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> GTI Suspension Refresh, Stage 3: Trying It Out
dukenukem
post Oct 26 2012, 07:58 AM
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I would tend to agree
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350Z
post Nov 5 2012, 10:48 AM
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QUOTE(clarkma5 @ Oct 25 2012, 09:46 PM) *
Most VW guys say to change it every 20,000 miles, though that seems a little obsessive to me. Maybe every 40,000. In any case, it was a $14 part and a ten minute job involving jacking up the back of the car (just for space to get under there) and two flathead screwdrivers. Would recommend it!

Well I changed it and it is better but not perfect. I'm thinking new coil packs next.
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clarkma5
post Nov 5 2012, 01:25 PM
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My fuel pump change was a big help, spark plugs, air filter, and oil change helped that much more. Coils would be the next thing.
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clarkma5
post Nov 5 2012, 02:04 PM
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BTW, status update. Last round of parts ordered (basically rear axle beam bushings & bolts, SS lines & fluid) and got the weekend before thanksgiving firmly scheduled to do this with my friend! Looking forward to it!
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shandyman5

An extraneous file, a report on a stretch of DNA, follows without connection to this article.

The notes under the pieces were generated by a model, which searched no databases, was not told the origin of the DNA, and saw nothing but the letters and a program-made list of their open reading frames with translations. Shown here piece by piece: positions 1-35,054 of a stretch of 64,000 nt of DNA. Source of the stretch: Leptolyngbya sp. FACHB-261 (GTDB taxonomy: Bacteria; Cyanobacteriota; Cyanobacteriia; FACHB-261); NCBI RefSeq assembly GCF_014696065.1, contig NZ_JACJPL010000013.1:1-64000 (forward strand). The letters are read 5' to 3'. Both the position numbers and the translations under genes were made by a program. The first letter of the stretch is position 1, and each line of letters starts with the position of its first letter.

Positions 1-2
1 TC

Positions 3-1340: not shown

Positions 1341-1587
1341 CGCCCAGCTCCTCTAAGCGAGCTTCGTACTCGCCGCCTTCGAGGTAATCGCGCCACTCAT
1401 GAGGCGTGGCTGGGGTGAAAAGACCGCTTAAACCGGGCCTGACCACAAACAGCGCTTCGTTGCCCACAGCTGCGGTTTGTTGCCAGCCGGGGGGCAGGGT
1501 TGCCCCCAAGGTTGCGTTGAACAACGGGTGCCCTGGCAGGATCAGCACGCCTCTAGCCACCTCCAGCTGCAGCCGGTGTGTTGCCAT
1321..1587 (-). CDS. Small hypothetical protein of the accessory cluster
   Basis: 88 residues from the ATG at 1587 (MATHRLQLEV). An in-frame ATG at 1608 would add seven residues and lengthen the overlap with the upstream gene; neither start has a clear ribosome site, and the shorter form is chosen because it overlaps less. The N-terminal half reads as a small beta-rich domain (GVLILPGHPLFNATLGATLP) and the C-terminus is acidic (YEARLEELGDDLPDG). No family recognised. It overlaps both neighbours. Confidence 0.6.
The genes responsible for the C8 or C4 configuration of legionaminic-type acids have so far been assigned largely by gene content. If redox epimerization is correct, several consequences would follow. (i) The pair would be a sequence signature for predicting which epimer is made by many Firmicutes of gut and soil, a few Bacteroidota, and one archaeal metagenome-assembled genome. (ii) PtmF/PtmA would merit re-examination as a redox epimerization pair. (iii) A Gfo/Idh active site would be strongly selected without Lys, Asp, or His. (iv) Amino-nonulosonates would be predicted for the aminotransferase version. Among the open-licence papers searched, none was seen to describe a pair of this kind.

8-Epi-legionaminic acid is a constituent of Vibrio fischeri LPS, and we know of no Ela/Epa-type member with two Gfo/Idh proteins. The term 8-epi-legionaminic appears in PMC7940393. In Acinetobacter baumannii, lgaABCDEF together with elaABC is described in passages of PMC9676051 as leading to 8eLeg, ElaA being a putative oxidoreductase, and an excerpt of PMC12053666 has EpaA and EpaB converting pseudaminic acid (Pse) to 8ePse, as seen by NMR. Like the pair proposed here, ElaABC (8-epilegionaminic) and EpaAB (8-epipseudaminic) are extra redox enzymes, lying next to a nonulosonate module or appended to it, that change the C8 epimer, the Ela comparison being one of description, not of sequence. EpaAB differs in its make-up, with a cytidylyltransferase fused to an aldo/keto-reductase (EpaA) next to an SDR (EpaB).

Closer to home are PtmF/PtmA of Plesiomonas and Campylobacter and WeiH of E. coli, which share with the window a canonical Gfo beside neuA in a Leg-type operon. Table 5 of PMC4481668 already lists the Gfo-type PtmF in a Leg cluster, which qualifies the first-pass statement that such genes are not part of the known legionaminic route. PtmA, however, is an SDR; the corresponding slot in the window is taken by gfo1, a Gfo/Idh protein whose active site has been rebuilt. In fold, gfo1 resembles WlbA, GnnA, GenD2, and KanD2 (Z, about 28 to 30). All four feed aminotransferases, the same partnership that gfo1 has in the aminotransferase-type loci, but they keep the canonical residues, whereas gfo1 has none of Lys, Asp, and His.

post Nov 6 2012, 12:10 AM
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Duke in tank fuel filters don't get replaced. Subaru doesn't even have a replacement part number for it seperate from the pump I believe. We used to get Subaru owners all the time wanting to change their fuel filter, and the in tank ones have no service interval or change method.
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clarkma5
post Nov 6 2012, 07:38 AM
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Hmm that's odd shandy. My brother's '02 WRX conked out at about the 60,000 mile mark and the prescription was severely clogged up fuel injectors and a new fuel filter was part of the repairs.
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shandyman5
post Nov 6 2012, 12:31 PM
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Let me Clarify.... I believe from the blob-eye model on. Your brother's should have the fuel filter right next to the driver-side front strut tower which is a replaceable part, and apart of the service interval.
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clarkma5
post Nov 6 2012, 02:30 PM
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Ah yes well that makes sense then!
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dukenukem
post Nov 6 2012, 03:47 PM
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QUOTE(shandyman5 @ Nov 6 2012, 02:10 AM) *
Duke in tank fuel filters don't get replaced. Subaru doesn't even have a replacement part number for it seperate from the pump I believe. We used to get Subaru owners all the time wanting to change their fuel filter, and the in tank ones have no service interval or change method.


http://www.iwsti.com/forums/how-install/16...eplacement.html

Fuel filter assembly

Part Number for 04-06 STi's is 42072FE020 *Verified by Shakes*
Part Number for '07 STi's is 42072FE030 *Provided by Cygnus Performance*
Part Number for 08+ STi's is 42072AG140 *Provided by sti2relaxxin*

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Ozi
post Nov 14 2012, 08:41 AM